ISLAMABAD: Pakistani finance minister Miftah Ismail said on Monday talks to resume an International Monetary Fund (IMF) bailout program, suspended earlier this year, were “on track,” refuting media reports that the scheme had been postponed.
Pakistan last week said it had received economic and financial targets from the IMF that once agreed and ratified should pave the way for the lender to unlock a suspended $6 billion loan program.
Pakistan desperately needs the money to avert a balance of payment crisis that is being brought closer by the day as result of the sharp rise in global oil and commodity prices. Central bank foreign currency reserves have fallen dangerously low, and the economy is reeling from a sharp depreciation in the Pakistani rupee and double-digit inflation.
Pakistan entered the IMF program in 2019 spread over three years and three months, but with less than half the amount disbursed, the IMF suspended the bailout earlier this year after the previous prime minister, Imran Khan, announced unfunded subsidies for the oil and power sectors. Khan’s government was ousted in April.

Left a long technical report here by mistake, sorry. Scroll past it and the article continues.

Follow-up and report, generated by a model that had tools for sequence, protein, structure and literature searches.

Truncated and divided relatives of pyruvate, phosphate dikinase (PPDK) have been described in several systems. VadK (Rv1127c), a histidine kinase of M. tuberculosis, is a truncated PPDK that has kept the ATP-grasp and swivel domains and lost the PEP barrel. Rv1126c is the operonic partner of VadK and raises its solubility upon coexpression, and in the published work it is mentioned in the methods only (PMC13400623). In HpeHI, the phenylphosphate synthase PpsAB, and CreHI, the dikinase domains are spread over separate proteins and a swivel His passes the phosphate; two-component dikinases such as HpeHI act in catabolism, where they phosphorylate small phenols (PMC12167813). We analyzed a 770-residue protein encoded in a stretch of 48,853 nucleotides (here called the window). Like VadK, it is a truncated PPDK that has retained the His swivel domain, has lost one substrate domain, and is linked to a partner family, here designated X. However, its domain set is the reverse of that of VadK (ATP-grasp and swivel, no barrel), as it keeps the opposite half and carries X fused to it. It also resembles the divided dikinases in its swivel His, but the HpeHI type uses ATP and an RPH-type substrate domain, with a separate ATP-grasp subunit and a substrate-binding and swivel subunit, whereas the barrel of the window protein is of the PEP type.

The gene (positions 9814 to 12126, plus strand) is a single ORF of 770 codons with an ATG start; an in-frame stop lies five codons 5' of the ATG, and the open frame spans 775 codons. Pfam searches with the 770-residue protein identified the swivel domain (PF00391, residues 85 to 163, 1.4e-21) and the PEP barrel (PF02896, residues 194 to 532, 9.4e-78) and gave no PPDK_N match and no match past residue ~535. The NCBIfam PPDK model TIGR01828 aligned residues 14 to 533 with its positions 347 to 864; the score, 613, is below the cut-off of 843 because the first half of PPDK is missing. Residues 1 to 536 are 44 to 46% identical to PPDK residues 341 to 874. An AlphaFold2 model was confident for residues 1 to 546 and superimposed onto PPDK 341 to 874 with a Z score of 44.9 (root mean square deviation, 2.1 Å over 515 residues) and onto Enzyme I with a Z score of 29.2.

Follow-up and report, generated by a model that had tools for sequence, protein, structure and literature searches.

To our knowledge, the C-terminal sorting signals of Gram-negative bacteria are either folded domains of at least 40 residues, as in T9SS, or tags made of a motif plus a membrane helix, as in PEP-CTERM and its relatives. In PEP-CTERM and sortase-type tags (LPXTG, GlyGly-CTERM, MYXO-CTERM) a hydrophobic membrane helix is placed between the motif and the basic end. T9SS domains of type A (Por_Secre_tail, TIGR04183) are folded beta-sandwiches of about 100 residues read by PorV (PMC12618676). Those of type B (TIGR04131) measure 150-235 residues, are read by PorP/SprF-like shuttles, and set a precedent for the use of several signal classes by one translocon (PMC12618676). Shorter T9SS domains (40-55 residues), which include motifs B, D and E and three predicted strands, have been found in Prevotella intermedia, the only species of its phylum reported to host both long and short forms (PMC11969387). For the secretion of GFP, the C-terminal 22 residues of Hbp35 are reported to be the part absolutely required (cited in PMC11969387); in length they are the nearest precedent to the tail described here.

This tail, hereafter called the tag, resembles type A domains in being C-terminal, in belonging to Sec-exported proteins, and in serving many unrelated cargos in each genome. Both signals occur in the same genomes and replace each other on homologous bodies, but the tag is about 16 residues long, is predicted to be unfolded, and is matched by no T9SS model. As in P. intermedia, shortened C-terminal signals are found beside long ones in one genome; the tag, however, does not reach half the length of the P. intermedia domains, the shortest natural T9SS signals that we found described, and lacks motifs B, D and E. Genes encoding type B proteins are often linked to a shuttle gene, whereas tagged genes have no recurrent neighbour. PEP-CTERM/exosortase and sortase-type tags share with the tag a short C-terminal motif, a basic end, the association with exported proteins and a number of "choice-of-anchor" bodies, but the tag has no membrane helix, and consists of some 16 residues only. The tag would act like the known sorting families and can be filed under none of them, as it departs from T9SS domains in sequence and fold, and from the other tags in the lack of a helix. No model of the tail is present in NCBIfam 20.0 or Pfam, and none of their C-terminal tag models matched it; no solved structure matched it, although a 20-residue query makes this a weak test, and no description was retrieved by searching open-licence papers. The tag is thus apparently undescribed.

A Pakistani news website reported on Monday the IMF program had been “further postponed and the point of dispute is the improvement of anti-corruption regulations.”
“I have been reading with some amusement all the tweets and stories about IMF program being postponed or delayed due to some anti-corruption law,” Ismail said on Twitter. “There is no truth to it. The IMF program is on track.”
Needing to get back in the IMF’s good graces, the new government, led by Prime Minister Shehbaz Sharif, has removed fuel subsidies, and made adjustments in a budget presented on June 10 that aimed at reducing the government’s fiscal deficit, which was one of the IMF’s key requirements.
Delivering an update following talks between Pakistani and IMF officials, Ismail said in a tweet last week that government had received the IMF’s Memorandum of Economic and Financial Policies (MEFP) containing economic and fiscal targets under the seventh and eighth reviews of the program.
Having the two reviews completed at the same time raises the prospect of $1.9 billion being disbursed once the IMF board gives the all clear to resume the bailout program.